The government has for the first time published its comprehensive case for banning the sale of tobacco products during the lockdown, saying emerging research shows smoking leads to more severe cases of Covid-19.
The state laid out its arguments in court papers filed on Wednesday in a case brought against it by the Fair Trade Independent Tobacco Association, which wants the ban lifted.
FITA served government with court papers in early May to challenge the state’s decision to retain the ban on the sale of cigarettes and tobacco product sales under Level 4 of the lockdown. When SA moves to Level 3 from next month, cigarettes will still be banned.
In the state’s latest filing Minister of Cooperative Governance and Traditional Affairs, Dr Nkosazana Dlamini-Zuma, says the ban was implemented to protect public health and decrease the potential strain on SA’s health system.
Dlamini-Zuma argues that, while Covid-19 is a relatively new disease, early studies support the view that using tobacco products increases not only the risk of catching the disease but also the risk of contracting a more serious form of the disease.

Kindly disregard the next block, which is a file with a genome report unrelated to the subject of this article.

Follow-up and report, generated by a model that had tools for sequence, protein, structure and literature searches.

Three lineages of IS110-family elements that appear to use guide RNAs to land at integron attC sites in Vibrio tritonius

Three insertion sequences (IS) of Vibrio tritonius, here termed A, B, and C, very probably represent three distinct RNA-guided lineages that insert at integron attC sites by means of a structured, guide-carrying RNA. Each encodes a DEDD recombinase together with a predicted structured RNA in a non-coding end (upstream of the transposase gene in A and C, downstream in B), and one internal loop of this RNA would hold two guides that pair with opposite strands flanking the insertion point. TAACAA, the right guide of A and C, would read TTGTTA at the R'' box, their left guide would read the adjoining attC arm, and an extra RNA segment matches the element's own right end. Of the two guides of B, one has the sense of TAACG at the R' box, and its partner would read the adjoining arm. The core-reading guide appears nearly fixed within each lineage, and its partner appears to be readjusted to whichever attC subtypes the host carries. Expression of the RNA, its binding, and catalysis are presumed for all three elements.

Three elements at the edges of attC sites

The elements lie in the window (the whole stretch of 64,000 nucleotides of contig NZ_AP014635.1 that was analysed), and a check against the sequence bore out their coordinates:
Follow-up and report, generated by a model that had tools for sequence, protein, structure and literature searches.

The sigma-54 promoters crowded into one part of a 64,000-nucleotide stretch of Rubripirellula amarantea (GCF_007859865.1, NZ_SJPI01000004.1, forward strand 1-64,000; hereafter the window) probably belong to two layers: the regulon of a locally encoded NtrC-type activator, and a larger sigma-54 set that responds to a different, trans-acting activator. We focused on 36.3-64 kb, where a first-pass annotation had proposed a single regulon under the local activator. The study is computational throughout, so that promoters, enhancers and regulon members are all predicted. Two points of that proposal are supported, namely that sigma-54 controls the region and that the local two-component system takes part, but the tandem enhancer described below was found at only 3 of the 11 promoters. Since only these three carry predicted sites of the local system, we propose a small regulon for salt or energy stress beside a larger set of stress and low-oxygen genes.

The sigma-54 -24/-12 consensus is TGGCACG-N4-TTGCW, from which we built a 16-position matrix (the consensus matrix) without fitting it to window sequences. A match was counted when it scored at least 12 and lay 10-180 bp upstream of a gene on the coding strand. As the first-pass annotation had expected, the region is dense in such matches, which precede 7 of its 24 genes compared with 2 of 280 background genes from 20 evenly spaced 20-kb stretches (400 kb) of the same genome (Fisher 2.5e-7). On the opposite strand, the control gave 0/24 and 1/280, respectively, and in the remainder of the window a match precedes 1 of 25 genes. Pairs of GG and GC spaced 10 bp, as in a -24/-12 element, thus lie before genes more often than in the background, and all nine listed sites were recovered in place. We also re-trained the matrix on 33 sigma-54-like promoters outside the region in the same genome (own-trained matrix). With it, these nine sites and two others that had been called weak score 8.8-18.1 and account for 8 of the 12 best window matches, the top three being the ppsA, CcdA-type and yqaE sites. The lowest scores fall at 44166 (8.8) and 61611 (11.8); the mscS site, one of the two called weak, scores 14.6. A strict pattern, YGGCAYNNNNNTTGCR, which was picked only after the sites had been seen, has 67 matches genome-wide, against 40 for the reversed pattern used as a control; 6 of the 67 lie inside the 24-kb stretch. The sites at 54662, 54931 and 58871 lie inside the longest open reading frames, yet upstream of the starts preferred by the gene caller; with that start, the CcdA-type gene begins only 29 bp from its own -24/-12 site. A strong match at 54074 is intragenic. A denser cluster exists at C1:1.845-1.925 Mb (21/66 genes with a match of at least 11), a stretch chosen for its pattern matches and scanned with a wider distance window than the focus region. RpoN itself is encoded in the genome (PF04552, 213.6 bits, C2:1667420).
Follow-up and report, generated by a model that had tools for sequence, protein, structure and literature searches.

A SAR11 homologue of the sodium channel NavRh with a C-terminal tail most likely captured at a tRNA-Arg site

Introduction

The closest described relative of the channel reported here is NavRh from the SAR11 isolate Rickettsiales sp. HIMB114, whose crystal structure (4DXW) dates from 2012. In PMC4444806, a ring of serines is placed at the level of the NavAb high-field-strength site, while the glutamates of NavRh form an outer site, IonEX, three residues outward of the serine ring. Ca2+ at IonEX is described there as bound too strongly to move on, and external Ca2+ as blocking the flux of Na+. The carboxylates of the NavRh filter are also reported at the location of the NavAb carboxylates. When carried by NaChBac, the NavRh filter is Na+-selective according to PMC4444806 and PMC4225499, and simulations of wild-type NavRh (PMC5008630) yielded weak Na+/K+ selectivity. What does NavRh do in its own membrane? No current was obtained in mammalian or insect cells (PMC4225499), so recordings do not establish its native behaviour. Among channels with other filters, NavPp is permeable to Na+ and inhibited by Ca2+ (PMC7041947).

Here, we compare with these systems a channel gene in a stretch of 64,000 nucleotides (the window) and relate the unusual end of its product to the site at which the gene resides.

“This, in turn, increases strain on the public health system, by increasing the number of people who will need access to resources such as intensive care unit beds and ventilators.”
The minister also argues that the ban appears to have been successful in cutting cigarette use.
“A report by the Human Sciences Research Council indicates that 88% of smokers were not able to buy cigarettes during level 5 lockdown, suggesting that the temporary ban was effective in reducing access to cigarettes and usage thereof”.
A UCT study from mid-May, meanwhile, found the ban had not been successful in cutting usage and was creating a lasting illicit tobacco market. The survey found that 90% of respondents had bought cigarettes during the lockdown.